Friday, November 01, 2002

Bihar Dalit widows denied compensation

Manuwant Chaudhary

Friday, November 1, 2002 (Patna):

A rare initiative to look for ways to end extremist violence in Bihar has found discrimination even in compensations given to widows of those killed in extremist violence. A hundred Dalit widows have still not got the promised government jobs. Only because they are illiterate.

In more than 50 villages thousands of people have been killed. But the fire of revenge is still raging. It doesn't seem to see an end. Who won, who lost? is the narrative of Life on the Margin, a documentary on Bihar's extremist violence.

This documentary was screened for women who have lost their husbands in caste wars in Jehanabad, one of Bihar's most violence-prone districts.

"What are we doing to end the cycle of violence. You know it better that to end one violence another violence is being committed," says documentary filmmaker Arun Kumar.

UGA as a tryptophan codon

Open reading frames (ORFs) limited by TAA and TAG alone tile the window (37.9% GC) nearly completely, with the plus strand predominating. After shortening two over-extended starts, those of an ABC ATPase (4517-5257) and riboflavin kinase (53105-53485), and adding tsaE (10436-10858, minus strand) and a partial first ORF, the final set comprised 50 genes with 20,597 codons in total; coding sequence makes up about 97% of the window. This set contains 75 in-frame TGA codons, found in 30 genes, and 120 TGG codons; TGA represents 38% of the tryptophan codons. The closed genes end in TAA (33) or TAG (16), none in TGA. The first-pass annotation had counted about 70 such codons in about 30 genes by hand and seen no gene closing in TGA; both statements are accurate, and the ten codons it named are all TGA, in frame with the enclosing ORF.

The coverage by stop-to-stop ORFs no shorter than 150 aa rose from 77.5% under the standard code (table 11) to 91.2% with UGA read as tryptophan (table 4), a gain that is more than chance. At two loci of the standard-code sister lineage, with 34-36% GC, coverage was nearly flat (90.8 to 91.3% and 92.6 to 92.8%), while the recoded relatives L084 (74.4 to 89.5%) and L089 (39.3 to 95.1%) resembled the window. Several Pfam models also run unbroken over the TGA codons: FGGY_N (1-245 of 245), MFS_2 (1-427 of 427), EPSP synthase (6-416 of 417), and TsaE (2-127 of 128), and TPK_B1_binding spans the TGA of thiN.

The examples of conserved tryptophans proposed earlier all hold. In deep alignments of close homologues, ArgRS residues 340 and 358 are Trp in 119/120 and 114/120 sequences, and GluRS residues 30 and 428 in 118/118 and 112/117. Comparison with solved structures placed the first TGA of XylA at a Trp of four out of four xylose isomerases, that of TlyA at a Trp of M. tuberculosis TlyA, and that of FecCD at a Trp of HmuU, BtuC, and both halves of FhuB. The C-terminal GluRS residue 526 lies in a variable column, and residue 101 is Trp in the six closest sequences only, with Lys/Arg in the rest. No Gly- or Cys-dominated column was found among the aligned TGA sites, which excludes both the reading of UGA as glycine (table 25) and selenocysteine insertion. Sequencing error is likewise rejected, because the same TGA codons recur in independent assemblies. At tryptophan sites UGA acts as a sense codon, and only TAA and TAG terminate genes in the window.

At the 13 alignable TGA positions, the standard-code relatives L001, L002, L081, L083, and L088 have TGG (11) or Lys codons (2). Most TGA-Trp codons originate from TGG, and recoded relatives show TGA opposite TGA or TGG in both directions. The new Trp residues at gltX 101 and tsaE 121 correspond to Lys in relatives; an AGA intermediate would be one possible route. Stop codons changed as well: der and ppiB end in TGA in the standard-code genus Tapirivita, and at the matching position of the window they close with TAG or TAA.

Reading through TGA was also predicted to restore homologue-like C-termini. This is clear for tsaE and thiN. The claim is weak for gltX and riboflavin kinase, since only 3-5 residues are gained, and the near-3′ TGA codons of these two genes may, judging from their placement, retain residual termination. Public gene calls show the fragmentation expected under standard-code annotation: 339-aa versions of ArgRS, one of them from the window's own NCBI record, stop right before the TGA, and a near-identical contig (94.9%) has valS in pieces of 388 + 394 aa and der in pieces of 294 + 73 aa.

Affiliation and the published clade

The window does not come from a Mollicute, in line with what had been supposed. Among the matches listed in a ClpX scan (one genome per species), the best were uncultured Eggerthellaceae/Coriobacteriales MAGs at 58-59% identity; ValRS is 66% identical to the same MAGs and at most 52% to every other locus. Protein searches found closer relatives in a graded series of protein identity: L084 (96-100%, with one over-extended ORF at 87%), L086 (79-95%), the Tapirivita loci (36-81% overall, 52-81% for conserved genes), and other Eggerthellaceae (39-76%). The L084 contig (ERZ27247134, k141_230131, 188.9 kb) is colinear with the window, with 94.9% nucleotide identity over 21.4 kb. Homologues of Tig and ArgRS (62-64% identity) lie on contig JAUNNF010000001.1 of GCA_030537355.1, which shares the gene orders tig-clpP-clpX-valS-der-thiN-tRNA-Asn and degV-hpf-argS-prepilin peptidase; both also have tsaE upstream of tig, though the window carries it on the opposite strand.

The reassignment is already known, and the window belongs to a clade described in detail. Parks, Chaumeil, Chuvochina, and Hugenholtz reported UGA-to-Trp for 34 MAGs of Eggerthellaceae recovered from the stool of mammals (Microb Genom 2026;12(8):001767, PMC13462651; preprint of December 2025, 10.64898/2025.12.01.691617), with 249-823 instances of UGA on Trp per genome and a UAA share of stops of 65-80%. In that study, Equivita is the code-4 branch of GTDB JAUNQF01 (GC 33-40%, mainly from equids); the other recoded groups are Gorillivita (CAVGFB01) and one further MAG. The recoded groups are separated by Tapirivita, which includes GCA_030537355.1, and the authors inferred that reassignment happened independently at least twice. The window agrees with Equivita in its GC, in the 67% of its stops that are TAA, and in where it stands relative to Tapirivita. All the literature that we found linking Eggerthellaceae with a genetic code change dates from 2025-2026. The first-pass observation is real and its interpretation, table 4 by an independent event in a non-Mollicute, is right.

For the past year, a non-governmental organization the Mithila Gram Vikaas Parishad, has been working with widows. They have found a hundred Dalit widows who were promised government jobs but were later denied and have not been given them because they are illiterate.

"The Chief Minister announced that we will get jobs but now they're not giving us jobs. I am barely surviving with my two children," said Jiraniya Devi, a widow in Narainpur village.

"We go to the Collector and give names but because they are illiterate, they remain jobless. For four years now, they have been denied jobs," says Rudresh Kumar, headman of Narainpur.

Bihar's senior minister says compensations and jobs to those killed in extremist violence is not a citizen's right but the Chief Minister's prerogative.

"This is the Chief Minister's prerogative. Mulayam Singh gave money to journalists and Indira Gandhi gave some to children, but all this cannot be demanded. It is the Chief Minister's prerogative," says Bihar's Labour Minister Upendra Prasad Verma.

Last month, the Patna High Court decided that the chief minister would now share decision-making on compensation issues with three others including the leader of the opposition and both the speakers of the Bihar legislature.

Source: NDTV, November 1, 2002

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